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Carbon Fiber Processing

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Presentation on theme: "Carbon Fiber Processing"— Presentation transcript:

1 Carbon Fiber Processing
Production methods, properties and composite applications Corey Behrens February 19, 2007

2 Properties of Carbon Fibers
High strength High stiffness Withstand temperatures to >2500oC High strength/weight ratio Tensile moduli range from 4x106 psi to 100x106 psi

3 Methods of producing Carbon Fiber
All commercial C.F.’s from 3 processes: Polyacrylonitrile (PAN) Rayon (cellulose) Mesophase Petroleum Pitch New method for discontinuous C.F. Vapor Growth (high performance application)

4 PAN process Accounts for 90% of commercial C.F.’s
93-95% acrylonitrile units PAN decomposes below its melt temperature True Melt process not possible Therefore extruded into filament form

5 Process Method Copolymer is first dissolved in suitable solvent
e.g.Dimethylacetamide 15-30% polymer by weight extruded through a spinneret large # of approx.100μm capillary holes enters coagulating bath (Wet spinning) Also hot gas environments 1-2 stages of further stretching Aligns polymer molecules parallel to fiber axis Molecular orientation must be locked into place Effects final mechanical properties of C.F.’s

6 PAN precursor fiber process

7 Considerations of PAN Wet spinning BASF pseudo-melt alternative
Requires excessive solvent Necessitates removal from fiber, solvent recovery $$$ Trace impurities limit final C.F. properties BASF pseudo-melt alternative Acrylonitrile copolymer polymerized in aq. Soln. Purified, dewatered, palletized Homogenous melt below degradation temp. Eliminates need for expensive solvent Lower waste water requirements

8 BASF PAN pseudo-melt

9 Production of Carbon Fiber from PAN
Heating/Stretching Pre-carbonization Carbonization Surface Treatment

10 Chemistry of carbon fiber production

11 Heating/Stretching Stretching (500-1300%) 220-270oC for 30min to 7hrs
Temp./Time dependent on composition/diameter of Precursor Chemical changes Cyclization of nitrile groups Dehydration of saturated C-C bonds Oxidation Generates CO2 and HCN Large furnace + Drive rollers Controlled tension essential for alignment PAN carbon content: 54%

12 Pre-carbonization Heating up to 1100oC Non-Carbon elements driven off
Initially larger molecules CH4 H2O NH3 N2 HCN CO2 CO Slower heating rate

13 Carbonization 1100oC – 2800OC Only small diatomic molecules
H2 N2 Faster heating rate possible Graphitization above ~1800oC Final C content: 80% to >99% Temp. dependent Overall Yield: 40-45%

14 Surface Treatment Improves bonding with polymeric matrix materials
Increases oxygenated groups at surface Gassing at elevated temps. Sodium hypochlorite solution Nitric Acid

15 C.F.’s from PAN precursor Fibers

16 PAN and Pitch processing

17 Rayon (cellulose) precursor fibers
Typically low modulus (4x106 psi) Fiber heated to 400oC, pyrolization of cellulose Carbonization at >1000oC Graphitized at >2000oC High modulus obtained by stretching at final heat treatment stage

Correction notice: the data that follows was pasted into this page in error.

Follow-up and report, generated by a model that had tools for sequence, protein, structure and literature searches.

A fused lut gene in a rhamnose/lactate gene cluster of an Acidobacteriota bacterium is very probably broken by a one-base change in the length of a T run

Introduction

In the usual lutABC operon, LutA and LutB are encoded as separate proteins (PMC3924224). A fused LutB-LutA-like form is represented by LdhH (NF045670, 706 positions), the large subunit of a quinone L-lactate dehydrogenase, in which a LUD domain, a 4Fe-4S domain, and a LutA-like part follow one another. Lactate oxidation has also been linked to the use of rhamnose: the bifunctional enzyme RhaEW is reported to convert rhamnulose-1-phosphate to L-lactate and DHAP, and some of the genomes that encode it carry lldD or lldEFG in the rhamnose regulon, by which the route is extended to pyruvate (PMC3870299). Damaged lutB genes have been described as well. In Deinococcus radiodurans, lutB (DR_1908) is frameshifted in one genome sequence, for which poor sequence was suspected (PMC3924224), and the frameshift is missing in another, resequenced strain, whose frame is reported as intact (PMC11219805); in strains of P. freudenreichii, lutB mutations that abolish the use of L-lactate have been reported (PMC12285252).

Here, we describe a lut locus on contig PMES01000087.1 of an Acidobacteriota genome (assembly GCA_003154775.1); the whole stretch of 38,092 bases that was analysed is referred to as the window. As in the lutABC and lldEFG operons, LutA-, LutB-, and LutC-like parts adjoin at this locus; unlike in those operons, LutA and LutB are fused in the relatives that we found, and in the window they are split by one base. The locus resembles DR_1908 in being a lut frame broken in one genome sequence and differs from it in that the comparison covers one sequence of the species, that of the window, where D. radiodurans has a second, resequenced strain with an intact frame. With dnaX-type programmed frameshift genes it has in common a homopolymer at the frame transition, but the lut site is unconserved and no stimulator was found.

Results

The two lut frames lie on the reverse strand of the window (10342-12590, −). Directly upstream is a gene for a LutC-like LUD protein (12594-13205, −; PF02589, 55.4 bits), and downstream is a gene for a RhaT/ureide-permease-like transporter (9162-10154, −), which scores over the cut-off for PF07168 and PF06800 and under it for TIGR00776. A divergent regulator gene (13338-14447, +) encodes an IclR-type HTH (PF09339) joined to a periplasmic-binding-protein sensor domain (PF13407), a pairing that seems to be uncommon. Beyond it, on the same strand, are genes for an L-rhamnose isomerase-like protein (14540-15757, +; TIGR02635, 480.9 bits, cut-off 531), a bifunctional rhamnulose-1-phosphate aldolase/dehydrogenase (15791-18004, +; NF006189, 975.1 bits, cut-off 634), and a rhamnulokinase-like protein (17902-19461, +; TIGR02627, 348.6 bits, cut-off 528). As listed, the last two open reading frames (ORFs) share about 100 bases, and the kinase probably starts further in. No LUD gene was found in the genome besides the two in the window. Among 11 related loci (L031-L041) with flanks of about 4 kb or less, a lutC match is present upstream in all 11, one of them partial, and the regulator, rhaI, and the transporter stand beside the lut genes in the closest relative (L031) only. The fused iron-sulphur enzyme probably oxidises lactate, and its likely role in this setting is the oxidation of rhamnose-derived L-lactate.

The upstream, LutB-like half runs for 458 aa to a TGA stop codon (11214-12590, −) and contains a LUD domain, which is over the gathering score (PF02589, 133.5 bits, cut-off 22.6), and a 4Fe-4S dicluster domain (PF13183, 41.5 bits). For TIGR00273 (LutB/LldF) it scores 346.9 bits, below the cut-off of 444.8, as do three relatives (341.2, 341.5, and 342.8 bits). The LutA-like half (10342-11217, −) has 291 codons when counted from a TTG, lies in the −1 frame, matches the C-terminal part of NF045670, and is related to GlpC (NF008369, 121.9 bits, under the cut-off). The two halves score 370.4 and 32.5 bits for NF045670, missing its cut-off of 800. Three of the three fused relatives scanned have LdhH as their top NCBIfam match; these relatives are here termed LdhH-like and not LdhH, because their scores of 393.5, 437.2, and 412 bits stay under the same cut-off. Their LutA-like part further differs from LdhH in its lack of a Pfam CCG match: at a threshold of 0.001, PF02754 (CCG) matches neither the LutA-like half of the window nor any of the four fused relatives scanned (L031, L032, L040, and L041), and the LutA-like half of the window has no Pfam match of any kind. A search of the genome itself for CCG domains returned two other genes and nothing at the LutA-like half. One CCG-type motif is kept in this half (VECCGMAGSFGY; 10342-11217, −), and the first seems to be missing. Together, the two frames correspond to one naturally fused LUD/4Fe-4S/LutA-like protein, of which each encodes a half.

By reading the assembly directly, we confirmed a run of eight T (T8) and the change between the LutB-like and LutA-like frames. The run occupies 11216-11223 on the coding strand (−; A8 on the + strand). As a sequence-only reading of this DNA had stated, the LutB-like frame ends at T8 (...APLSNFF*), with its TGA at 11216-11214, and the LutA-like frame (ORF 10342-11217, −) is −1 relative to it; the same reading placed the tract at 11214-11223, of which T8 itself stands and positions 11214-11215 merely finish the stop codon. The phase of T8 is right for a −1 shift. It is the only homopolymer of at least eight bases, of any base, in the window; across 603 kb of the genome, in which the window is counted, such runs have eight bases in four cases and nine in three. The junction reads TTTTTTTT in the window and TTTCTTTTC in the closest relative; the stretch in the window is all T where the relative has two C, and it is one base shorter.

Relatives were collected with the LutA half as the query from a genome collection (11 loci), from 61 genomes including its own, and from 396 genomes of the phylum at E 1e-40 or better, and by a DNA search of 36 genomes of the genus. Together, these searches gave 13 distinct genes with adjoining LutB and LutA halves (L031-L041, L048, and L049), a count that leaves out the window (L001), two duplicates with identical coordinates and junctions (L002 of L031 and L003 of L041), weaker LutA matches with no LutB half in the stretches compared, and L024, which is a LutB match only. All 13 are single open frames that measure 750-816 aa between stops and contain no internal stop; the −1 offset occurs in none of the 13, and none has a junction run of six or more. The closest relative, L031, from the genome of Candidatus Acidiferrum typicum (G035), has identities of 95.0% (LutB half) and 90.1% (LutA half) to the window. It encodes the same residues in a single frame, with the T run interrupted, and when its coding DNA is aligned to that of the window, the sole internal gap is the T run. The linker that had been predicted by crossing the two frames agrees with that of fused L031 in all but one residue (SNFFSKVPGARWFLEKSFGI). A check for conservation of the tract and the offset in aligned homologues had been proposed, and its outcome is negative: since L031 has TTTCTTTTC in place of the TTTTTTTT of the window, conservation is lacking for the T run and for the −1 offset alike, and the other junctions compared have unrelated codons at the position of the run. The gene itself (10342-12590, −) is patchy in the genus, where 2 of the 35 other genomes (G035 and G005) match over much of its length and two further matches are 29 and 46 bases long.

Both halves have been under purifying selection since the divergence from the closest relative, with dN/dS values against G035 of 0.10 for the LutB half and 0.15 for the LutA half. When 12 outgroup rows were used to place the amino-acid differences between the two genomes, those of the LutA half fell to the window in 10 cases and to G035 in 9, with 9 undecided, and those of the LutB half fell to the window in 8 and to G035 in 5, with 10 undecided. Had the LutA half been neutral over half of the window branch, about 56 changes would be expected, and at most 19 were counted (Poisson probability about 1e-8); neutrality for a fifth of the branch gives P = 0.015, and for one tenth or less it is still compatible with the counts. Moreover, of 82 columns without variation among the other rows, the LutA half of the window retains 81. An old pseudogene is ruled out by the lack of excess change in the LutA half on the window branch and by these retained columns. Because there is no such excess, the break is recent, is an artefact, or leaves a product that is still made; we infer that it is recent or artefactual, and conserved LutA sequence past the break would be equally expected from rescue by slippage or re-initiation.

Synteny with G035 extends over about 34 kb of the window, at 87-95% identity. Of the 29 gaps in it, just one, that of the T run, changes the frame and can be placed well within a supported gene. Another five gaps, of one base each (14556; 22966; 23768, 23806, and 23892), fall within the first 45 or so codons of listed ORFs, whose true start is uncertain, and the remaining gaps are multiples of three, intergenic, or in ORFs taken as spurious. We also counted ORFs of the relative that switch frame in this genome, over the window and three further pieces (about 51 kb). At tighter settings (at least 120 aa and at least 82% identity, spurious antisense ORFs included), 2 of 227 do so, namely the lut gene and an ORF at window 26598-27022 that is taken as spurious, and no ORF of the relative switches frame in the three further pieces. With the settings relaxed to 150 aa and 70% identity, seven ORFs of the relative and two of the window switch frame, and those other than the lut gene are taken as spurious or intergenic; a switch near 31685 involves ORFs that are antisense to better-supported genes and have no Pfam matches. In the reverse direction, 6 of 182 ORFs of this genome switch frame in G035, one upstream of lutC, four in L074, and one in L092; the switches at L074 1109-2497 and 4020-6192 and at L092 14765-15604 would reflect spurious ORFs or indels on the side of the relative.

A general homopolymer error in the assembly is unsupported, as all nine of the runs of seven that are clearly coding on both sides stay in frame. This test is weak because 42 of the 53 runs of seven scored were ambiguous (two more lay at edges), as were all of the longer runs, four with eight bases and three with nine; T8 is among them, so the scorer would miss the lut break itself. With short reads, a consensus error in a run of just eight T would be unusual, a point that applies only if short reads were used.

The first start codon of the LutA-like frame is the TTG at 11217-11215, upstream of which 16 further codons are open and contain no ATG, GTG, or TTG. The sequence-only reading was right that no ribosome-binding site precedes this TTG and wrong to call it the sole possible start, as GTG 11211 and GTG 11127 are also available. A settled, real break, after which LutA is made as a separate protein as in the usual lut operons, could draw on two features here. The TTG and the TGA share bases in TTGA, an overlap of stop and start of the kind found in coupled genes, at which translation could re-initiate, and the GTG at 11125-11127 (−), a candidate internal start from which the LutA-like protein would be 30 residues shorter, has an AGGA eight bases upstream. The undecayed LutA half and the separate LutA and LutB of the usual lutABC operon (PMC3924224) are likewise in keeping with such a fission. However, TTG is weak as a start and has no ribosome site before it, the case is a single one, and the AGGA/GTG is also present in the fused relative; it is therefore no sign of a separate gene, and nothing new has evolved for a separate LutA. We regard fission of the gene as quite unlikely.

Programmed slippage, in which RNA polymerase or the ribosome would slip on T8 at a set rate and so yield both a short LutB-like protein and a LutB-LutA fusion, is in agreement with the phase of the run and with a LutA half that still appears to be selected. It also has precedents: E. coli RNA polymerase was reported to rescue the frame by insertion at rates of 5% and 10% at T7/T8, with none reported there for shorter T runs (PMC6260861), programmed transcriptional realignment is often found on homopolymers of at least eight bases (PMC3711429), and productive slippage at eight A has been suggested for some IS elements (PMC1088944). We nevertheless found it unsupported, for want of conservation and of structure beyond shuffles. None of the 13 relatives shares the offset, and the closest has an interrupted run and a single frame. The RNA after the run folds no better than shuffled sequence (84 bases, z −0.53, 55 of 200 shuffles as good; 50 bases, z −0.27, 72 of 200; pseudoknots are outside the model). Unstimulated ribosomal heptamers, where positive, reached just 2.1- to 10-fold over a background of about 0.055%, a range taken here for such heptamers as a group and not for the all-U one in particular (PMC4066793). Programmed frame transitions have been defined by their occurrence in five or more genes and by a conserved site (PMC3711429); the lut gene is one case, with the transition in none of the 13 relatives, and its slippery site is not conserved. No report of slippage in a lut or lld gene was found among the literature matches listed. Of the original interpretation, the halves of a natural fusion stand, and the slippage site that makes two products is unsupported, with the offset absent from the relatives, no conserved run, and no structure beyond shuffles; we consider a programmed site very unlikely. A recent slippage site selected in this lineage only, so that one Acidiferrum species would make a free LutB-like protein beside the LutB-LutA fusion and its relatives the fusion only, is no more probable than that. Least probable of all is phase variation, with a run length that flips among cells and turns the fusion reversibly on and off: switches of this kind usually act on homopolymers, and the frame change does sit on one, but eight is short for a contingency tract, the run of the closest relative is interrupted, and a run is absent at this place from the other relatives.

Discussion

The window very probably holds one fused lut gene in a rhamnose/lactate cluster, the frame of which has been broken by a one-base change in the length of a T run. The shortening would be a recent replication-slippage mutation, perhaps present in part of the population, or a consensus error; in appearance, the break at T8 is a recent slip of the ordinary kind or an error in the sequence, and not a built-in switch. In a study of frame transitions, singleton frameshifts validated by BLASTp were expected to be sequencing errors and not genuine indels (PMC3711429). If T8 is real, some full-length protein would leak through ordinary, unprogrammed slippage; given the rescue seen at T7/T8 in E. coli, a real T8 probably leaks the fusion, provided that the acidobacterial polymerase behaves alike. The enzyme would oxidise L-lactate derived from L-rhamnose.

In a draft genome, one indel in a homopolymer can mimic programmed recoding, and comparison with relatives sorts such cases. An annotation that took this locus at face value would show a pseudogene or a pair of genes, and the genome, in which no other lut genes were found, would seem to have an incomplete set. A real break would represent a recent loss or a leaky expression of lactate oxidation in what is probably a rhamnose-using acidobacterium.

18 Mesophase Pitch Precursors
Same general process as PAN Low tensile strength of precursor fibers Melt-spin is used Do not require stretching process to maintain preferred alignment

19 Final Carbon Fibers Woven, Braided, or Wound Strength limiting factors
Unidirectional lay-ups Multi-directional weaves Strength limiting factors Purity of precursor Precursor void content Temperature Tension

20 C.F.’s from differing processes

21 Carbon vs. Steel Material Tensile Strength (GPa) Tensile Modulus (GPa)
Density (g/ccm) Specific Strength (GPa) Standard Grade Carbon Fiber 3.5 230.0 1.75 2.00 High Tensile Steel 1.3 210.0 7.87 0.17

22 Modulus Classifications
Ultra high elastic modulus type (UHM)   High elastic modulus type (HM) Intermediate elastic modulus type (IM) Standard elastic modulus type (HT) Low elastic modulus type (LM)

23 Carbon Fiber Modulus

24 Composite uses of carbon fibers
Polymer-Matrix Composites Metal-Matrix Composites Carbon-Matrix Composites Ceramic-Matrix Composites Hybrid composites

25 Carbon-Carbon Composites
Carbon substrate in Carbonaceous Matrix Same element does not simplify composite behavior each constituent has a wide range of forms Carbon fibers continuous and woven Disadvantages High fabrication cost Poor oxidation resistance Poor inter-laminar properties

26 Fabrication of C-C Composites
Liquid phase impregnation (LPI) Hot isostatic pressure impregnation carbonization (HIPIC) Hot pressing Chemical Vapor Infiltration (CVI)

27 Applications of C-C Composites
Aircraft Brakes Heat Pipes Reentry vehicles Rocket motor nozzles Hip replacements Biomedical implants Tools and dies Engine pistons Electronic heat sinks Automotive and motorcycle bodies Bicycles

28 Further Reading Buckley, John D. and Dan. D. Edie, eds. Carbon-Carbon Materials and Composites Noyes Publications: Park Ridge, NJ 1993 Chung, Deborah. Carbon Fiber Composites. Butterworth-Heinemann, Boston 1994 Japan Carbon Fiber Manufacturer’s Association

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